HC Deb 16 July 2001 vol 372 cc10-3
8. Mr. Kevin Hughes (Doncaster, North)

What plans she has to ensure an even geographical distribution of lottery grants. [2428]

12. Glenda Jackson (Hampstead and Highgate)

What measures she intends to promote the equitable geographical distribution of lottery funding. [2432]

13. Paul Goggins (Wythenshawe and Sale, East)

What action she is taking to ensure an increase in the distribution of lottery funding to disadvantaged areas. [2433]

The Secretary of State for Culture, Media and Sport (Tessa Jowell)

I understand that you have linked questions 8, 12 and 13, Mr. Speaker. With permission, I shall answer all three together.

Mr. Speaker

The right hon. Lady linked the questions, not me.

Tessa Jowell

Thank you, Mr. Speaker.

The Government are determined to ensure that there is a fair distribution of funding throughout the country. We have directed distributors to ensure that all parts of the United Kingdom have access to lottery funds. In addition, I have asked the community fund to target £100 million, and the new opportunities fund to target an additional £50 million of its funds, to 50 areas that are both deprived and have received less lottery funding than other parts of the country. The scheme will be UK wide and will begin in April 2002.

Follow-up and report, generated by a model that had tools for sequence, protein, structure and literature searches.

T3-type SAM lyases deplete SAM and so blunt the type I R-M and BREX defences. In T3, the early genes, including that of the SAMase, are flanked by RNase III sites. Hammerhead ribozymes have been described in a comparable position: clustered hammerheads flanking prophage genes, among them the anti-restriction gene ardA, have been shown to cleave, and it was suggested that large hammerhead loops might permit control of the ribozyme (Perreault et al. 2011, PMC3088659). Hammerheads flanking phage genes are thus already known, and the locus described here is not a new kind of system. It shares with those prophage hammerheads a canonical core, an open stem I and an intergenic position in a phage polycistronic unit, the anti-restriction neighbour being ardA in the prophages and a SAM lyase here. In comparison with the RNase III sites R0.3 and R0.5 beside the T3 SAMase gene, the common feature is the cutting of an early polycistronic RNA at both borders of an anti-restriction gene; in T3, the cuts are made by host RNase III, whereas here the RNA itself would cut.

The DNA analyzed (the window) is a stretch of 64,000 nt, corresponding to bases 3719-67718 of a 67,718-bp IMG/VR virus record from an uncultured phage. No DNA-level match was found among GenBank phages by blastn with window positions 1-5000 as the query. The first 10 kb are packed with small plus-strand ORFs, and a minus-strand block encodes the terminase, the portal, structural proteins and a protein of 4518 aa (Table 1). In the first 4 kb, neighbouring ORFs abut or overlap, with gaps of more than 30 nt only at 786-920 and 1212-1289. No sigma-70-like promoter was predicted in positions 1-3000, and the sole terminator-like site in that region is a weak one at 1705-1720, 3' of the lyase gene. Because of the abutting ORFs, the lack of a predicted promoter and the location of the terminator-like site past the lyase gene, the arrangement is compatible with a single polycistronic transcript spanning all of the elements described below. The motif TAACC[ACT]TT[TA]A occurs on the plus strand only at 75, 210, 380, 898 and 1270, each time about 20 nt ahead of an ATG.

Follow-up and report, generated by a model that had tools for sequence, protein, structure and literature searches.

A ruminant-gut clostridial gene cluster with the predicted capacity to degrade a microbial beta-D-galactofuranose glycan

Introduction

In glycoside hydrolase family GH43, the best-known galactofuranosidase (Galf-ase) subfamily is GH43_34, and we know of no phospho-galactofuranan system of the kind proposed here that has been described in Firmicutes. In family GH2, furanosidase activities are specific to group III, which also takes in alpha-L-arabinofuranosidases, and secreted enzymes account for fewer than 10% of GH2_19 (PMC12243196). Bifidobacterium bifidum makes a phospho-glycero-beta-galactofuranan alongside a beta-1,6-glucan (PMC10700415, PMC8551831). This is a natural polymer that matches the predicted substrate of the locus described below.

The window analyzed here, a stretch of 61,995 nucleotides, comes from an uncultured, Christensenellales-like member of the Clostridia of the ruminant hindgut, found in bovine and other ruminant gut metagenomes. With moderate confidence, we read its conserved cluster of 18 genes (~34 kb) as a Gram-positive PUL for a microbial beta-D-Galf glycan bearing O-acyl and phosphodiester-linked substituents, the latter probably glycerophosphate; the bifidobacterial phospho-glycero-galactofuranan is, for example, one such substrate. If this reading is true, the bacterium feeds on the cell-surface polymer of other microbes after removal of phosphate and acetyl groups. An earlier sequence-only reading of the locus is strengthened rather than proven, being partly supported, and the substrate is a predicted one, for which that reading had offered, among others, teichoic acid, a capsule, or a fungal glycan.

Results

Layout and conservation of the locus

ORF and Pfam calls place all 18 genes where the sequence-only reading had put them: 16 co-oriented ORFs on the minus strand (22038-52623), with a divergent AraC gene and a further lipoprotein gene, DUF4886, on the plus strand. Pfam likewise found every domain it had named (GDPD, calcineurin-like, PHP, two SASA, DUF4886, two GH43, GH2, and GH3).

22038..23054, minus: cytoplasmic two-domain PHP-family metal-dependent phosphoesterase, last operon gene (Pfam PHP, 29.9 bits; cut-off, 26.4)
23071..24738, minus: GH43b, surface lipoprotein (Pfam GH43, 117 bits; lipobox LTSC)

Mr. Hughes

I welcome my right hon. Friend to her new post, as, indeed, I welcome her answer. However, I have heard fine words before, from her predecessor. My right hon. Friend will be aware that the average for constituencies around the country is £14 million or thereabouts. We have heard from my hon. Friend the Member for Thurrock (Andrew Mackinlay) that his constituency received as little as £2.5 million. However, I have to tell the Secretary of State that my constituency had less than £1 million: the amount is £900,000 for Doncaster, North. That was despite the meetings and correspondence with my right hon. Friend's predecessors, which were all to no avail. Will my right hon. Friend now address the issue properly so that my constituents have a fair share of the money that they pay into lottery funding? In all fairness to her predecessors—

Mr. Speaker

Order. I think the Minister has enough to go on.

Tessa Jowell

I entirely accept my hon. Friend's analysis. He is right about the figures for his own constituency. Nationally, the average per capita award is just over £76 but my hon. Friend's constituency received less than £11 per head of population. That is why I made my recent announcement about the investment of £150 million in precisely such areas, not only so that the lottery is fair in its distribution but so that it produces benefits for some of our most deprived communities, many of which lack the high levels of organisation and so forth that are needed to develop lottery bids. I intend to put that help in place to ensure that my hon. Friend's constituents benefit from the lottery as they should.